Yearly Archives: 2010

MTR: Tseung Kwan O Line

I’m not sure what to say, but this line is boring as hell, so don’t go out of your way to visit it – not that it goes anywhere of interest for a tourist. Operationally it is a little different from the rest of the MTR network, but photography-wise it doesn’t offer anything special. The entire line being in a tunnel doesn’t help matters!

An almost empty train on Hong Kong's MTR? Continue reading

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Overview of the MTR network

Before I go into the rest of the MTR lines, I’ll go through a short overview of the network. You can initially divide the MTR network into two parts: the original MTR underground network, and the former KCR above ground network – so what sets each section apart?

MTR network map 2009 Continue reading

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MTR: Island Line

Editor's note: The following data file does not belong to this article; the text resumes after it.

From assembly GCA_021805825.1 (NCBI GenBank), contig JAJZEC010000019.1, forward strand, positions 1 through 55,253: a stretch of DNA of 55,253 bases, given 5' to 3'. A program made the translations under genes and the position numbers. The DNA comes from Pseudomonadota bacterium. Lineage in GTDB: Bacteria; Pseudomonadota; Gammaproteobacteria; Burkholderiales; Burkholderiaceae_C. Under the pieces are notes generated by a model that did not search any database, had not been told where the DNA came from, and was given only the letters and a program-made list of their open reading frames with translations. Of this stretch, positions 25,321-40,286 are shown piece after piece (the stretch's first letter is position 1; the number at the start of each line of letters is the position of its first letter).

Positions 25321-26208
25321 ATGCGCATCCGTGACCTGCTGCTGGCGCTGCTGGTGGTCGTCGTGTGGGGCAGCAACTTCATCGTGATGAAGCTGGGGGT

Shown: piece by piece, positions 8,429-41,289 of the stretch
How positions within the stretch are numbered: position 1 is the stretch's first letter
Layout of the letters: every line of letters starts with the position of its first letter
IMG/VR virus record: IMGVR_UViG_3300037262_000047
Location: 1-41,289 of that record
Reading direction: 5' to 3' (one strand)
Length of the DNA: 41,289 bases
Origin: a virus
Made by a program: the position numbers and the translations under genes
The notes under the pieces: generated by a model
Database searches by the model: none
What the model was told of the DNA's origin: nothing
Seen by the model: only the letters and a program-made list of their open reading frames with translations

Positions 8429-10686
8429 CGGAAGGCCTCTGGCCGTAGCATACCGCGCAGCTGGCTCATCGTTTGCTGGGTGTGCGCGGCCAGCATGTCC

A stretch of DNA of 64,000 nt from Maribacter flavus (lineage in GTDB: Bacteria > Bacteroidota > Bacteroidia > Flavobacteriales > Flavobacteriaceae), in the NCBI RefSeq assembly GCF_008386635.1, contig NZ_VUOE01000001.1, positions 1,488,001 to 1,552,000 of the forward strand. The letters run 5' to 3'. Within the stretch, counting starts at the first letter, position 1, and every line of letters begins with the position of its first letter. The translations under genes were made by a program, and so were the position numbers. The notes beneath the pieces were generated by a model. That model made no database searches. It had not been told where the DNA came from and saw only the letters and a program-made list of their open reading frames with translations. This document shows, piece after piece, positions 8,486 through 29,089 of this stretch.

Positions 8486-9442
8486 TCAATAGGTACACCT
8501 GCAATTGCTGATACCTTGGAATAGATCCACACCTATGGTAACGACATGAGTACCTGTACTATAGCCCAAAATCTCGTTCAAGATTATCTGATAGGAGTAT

First cab off the rank of the line-by-line photo essays: the Island Line. The vast majority of the line is in deep level bored tunnels, not cut and cover like the rest of the original MTR network, giving the line a distinctive look at platform level.

A mix of mosaic tiles and fibreglass panels at Sheung Wan MTR station Continue reading

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“Safe Slopes Save Lives” in Hong Kong

When you start walking around Hong Kong, you might notice that every retaining wall and slope has a sign on it, listing a registration number:

Slope registration plaque

To me it seemed really odd: why would anyone care about a slope? Continue reading

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The KCR diesel locomotive fleet

The former Kowloon-Canton Railway owned a number of diesel locomotives for use on their railway between Kowloon and the border with China at Lo Wu. The two first diesels entered service in 1955, with the end of the regular steam locomotives use on passenger trains coming in 1957. With electrification of the KCR line being commissioned in 1983 the diesel fleet were then usurped in this role, instead being used to move freight to and from the border with China, as well as hauling maintenance trains on the line. So how many types of diesel locomotive did the KCR operate?

Crowds at at Hong Kong Railway Museum Continue reading

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